By Andy Behrens
June 4, 2007
Let's begin with an email. It poses a question that lots of fantasy owners have been asking. More accurately, it poses four questions:
"What does one do about Carlos Zambrano? Bench him? Trade him? For who?" – Scott C., Sandy, Utah.
First of all, whatever else you do with Carlos Zambrano, don't tease him. That's not going to end well. I've heard that Zambrano was actually going to eat Michael Barrett on Friday if his teammates hadn't intervened. He was cooking him in the training room whirlpool. Apparently Mike Defelice met a similar end in 2004.
Somewhat amazingly, the Cubs are going to let Zambrano pitch against Milwaukee on Wednesday. You might have assumed they had team rules that discouraged savage beatings, but no. They don't. So on Wednesday night, Zambrano owners are going to have to decide whether to use him against the Brewers, a team that's second in the National League in HR (73) and first in slugging percentage (.439). Even though he was likely your third- or fourth-round draft pick – Zambrano's average Yahoo! draft position was 37.8 – thousands of you will bench him. It's the safe move this week.
Benching Zambrano indefinitely isn't a reasonable long-term strategy, though. In a non-keeper league, you can't carry a player on your roster if you refuse to start him. Thus Scott's question: What does one do about Carlos Zambrano?
I'd keep him. The returns in recent trades simply haven't been that good. In one-for-one deals in Yahoo! leagues on Sunday, Zambrano fetched the following players: Ken Griffey Jr., Troy Glaus, Randy Wolf, Cliff Lee, Matt Holliday, and Randy Johnson. Holliday aside, it's not an impressive list. There's simply no way I'd trade Zambrano for a starter with less upside like Lee. While it's true that Zambrano's velocity has been off, it's not as if he's suddenly Paul Byrd. He reached 95 mph on the in-stadium radar at Wrigley on Friday. (And yes, I was there. But we left in the sixth inning to watch post-fight coverage). More often, of course, he's been in the low-90s.
Many of you have seen Hardball Times' excellent side-by-side comparison of Zambrano's delivery this season versus 2005. It's clear that things have changed. The important question is why? I'm not buying speculation that he's hurt, not yet. Nothing in the sequence of unrestrained punches Zambrano threw at his catcher suggested that the right-hander is injured. Typically, when a Cub pitcher has a shoulder or elbow problem, the team will acknowledge an injury, but lie about its location. If we eventually hear that Zambrano has a quad or triceps strain, look out.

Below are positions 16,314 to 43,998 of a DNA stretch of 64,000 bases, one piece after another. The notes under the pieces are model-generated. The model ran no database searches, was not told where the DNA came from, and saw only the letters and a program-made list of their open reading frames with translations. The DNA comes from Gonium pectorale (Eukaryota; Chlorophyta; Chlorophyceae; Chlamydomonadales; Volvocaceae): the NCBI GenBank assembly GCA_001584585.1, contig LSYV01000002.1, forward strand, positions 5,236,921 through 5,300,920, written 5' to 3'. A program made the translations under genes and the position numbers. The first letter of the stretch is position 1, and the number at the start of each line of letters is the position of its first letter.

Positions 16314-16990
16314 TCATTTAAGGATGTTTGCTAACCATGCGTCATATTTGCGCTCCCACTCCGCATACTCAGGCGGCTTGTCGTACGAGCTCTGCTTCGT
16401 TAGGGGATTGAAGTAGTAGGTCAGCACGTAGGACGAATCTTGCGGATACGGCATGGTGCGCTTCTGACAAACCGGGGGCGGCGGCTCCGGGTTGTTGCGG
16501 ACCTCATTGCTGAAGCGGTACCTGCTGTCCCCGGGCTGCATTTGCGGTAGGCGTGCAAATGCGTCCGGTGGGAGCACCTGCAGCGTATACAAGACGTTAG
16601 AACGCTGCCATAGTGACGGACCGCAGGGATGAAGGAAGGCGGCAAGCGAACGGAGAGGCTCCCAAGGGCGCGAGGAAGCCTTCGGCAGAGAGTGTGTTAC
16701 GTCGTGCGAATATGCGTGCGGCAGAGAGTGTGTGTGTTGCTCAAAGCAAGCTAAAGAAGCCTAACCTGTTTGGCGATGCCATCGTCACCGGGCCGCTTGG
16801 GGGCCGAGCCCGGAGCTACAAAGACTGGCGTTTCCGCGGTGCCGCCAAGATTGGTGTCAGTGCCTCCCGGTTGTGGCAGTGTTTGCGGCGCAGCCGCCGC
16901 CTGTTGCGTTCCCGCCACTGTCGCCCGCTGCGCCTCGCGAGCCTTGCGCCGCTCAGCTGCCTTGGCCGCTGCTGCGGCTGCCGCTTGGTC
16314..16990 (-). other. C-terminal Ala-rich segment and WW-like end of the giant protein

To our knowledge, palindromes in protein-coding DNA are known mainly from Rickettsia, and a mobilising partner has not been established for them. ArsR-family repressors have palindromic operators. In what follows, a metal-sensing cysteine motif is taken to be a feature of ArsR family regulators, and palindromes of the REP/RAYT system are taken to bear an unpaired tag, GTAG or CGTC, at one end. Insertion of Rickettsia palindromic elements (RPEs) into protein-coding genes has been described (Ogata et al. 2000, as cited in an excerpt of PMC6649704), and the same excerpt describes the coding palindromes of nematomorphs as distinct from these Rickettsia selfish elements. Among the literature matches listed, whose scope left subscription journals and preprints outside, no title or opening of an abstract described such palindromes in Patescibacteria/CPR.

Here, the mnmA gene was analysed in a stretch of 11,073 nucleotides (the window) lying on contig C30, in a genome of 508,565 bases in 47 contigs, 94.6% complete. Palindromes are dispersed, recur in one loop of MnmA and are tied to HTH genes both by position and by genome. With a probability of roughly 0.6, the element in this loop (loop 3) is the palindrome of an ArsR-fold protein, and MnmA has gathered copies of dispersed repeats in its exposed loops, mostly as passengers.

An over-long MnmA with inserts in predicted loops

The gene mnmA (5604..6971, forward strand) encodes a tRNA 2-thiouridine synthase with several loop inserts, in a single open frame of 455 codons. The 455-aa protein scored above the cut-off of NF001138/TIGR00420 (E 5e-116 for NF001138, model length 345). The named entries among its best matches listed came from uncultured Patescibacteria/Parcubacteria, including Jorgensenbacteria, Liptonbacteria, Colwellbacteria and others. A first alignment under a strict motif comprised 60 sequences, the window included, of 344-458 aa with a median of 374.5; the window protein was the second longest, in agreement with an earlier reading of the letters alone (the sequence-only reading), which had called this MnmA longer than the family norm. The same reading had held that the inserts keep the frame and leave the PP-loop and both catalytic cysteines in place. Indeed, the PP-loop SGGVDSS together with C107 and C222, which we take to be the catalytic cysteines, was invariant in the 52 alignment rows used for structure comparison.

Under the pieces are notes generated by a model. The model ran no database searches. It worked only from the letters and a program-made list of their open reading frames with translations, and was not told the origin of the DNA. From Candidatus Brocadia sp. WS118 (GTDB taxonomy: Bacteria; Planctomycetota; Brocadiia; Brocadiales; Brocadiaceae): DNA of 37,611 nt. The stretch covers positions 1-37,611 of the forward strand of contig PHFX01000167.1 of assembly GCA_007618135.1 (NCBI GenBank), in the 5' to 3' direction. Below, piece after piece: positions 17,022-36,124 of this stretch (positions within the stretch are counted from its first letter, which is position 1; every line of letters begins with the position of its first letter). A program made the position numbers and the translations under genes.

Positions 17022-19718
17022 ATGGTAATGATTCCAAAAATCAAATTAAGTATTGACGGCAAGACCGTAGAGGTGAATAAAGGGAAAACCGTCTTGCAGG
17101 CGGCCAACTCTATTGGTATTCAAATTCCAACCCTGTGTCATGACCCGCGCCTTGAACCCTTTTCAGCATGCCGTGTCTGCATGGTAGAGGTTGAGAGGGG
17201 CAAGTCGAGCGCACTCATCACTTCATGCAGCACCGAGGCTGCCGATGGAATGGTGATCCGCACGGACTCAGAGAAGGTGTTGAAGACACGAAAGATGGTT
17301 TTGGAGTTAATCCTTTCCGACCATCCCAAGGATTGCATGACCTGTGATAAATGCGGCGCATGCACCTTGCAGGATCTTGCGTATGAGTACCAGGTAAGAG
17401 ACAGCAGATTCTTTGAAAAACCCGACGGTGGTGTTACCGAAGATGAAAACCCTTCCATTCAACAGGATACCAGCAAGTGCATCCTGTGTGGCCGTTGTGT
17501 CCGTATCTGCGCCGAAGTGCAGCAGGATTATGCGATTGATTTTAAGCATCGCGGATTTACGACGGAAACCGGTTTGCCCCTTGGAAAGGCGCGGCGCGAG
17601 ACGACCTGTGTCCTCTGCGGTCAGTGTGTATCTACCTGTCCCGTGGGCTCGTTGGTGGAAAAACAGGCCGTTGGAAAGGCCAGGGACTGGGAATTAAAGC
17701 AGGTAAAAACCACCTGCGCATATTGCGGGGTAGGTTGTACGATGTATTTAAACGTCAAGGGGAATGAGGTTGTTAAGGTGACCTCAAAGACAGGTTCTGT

We haven't heard that, though.
Instead, Zambrano really seems like a pitcher in desperate need of coaching. Of course recent history tells us that once a Cubs starter begins to deteriorate, there are few reasons to be hopeful. The Cubs seem to be institutionally incapable of correcting bad habits and maximizing talent, so the pessimism of fantasy owners is understandable. Still, Zambrano very likely lost himself tens of millions of dollars in future earnings on Friday, and he's pitching now to earn it back. The guy has motivation, prior success, and a history of slow starts – not this slow, true. I'd park him on my bench until next week when he should have two starts (vs. Houston, vs. San Diego). The Cubs may not have suspended him, but you can. I wouldn't look to trade Zambrano for a fraction of his preseason value, though.
The Chicago Sun-Times reports that a Jermaine Dye/Bobby Abreu trade might be in the works. There must be more pieces involved than that. Otherwise, it's simply a rearrange-the-deck-chairs move. Abreu has actually strung together three consecutive multi-hit games, and he made a game-saving catch against the Red Sox on Sunday night, so the timing here is strange.
That game-saving catch by Abreu? It was on a line drive that Dustin Pedroia hit to the right field gap. Pedroia is as hot as any hitter in baseball. He's 14-for-23 over the last week, and hitting second for Boston. Pedroia qualifies at 2B and SS. He should certainly be owned in leagues with a middle infield requirement.
Homer Bailey will likely start for Cincinnati on Saturday against Cleveland. Bailey is a top-tier prospect who should be a speculative add in most leagues, but I wouldn't start him against the Indians. They're second in baseball in runs scored, on-base percentage, and slugging. Bailey's Triple-A stats have been great (6-1, 2.31 ERA, 51 K and 24 BB in 58.1 IP), but they haven't matched Yovani Gallardo's (8-1, 2.15 ERA, 95 K and 21 BB in 67.1 IP). If I only had room for one of them on my roster, I'd take Gallardo.
Those of you scrounging for saves should add Jonathan Broxton until Takashi Saito recovers from his hamstring injury.
Andy Behrens has written for ESPN.com, the Chicago Sports Review, NBA.com, the Chicago Reader and various other publications. In all likelihood, Andy owns more Artis Gilmore memorabilia than you. Follow him on Twitter. Send Andy a question or comment for potential use in a future column or webcast.
Updated on Monday, Jun 4, 2007 11:01 am, EDT
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